I plead guilty to enjoying a cold beer or two, and I’ve watched with amazement as the decade-long bull market in the craft beer industry shows no signs of abating.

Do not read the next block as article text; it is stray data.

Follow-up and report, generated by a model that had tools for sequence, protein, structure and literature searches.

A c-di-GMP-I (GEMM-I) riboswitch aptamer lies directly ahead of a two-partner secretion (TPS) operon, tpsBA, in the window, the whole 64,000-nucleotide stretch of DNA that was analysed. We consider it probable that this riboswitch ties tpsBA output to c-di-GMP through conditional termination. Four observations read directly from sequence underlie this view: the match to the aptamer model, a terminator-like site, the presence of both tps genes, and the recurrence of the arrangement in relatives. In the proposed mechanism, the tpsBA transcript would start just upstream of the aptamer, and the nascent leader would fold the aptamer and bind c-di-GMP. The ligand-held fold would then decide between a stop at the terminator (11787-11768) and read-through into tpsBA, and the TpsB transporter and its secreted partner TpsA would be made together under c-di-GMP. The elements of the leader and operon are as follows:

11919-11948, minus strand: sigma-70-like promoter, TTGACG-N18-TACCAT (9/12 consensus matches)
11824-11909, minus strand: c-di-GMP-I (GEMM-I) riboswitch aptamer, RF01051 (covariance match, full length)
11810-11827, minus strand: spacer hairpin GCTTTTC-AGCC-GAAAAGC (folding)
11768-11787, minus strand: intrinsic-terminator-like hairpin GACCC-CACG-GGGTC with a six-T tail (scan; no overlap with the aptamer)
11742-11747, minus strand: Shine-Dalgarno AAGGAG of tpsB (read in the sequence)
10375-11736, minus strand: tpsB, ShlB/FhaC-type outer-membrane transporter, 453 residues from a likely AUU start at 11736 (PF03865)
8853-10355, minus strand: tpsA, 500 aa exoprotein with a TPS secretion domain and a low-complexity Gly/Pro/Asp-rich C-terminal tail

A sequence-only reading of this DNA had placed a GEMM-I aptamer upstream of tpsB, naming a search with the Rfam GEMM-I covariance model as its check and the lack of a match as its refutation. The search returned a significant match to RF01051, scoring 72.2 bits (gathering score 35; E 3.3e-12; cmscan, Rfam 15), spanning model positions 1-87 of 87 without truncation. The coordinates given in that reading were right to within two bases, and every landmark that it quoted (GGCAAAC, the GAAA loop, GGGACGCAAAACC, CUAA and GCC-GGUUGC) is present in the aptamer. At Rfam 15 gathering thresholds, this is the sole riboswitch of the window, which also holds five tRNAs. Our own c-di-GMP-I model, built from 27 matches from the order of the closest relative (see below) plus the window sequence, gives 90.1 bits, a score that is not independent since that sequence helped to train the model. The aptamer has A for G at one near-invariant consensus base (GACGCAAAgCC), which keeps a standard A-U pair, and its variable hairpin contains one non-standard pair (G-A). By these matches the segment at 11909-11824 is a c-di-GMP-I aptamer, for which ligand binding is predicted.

"Middle management" is a term associated with relentless downsizing, corporate drudgery, and career dead-ends. Bashed by management gurus, dismissed by social scientists, and painted as victims by the media, middle managers seem permanently relegated to the sidelines of corporate power. <br clear="none" /> <br clear="none" /> But is this popular picture accurate? Are middle managers really no longer valued by today's performance-riven organizations?<br clear="none" /> <br clear="none" /> The truth is surprising. MIT management scholar Paul Osterman has analyzed over thirty years' worth of employment data, interviewed a wide sample of managers, and uncovered a very different picture of middle managers today. Not only have their numbers increased dramatically, but middle managers are wealthier, more productive, more autonomous—gain real pleasure from their day-to-day work.<br clear="none" /> <br clear="none" /> But there's another side to the story: while managers have maintained their commitment to their tasks and to their colleagues, they are increasingly cynical and distant from their organizations. They are confused about their future and how to manage their careers. This comes at a time when the value of middle management is much greater than ever before. Organizations must rethink their understanding of this vital workforce segment—<br clear="none" /> <br clear="none" /> <a href="http://www.amazon.com/gp/product/1422179702?ie=UTF8&tag=managesmarter-20... target="_blank">The Truth About Middle Managers: Who They Are, How They Work, Why They Matter</a>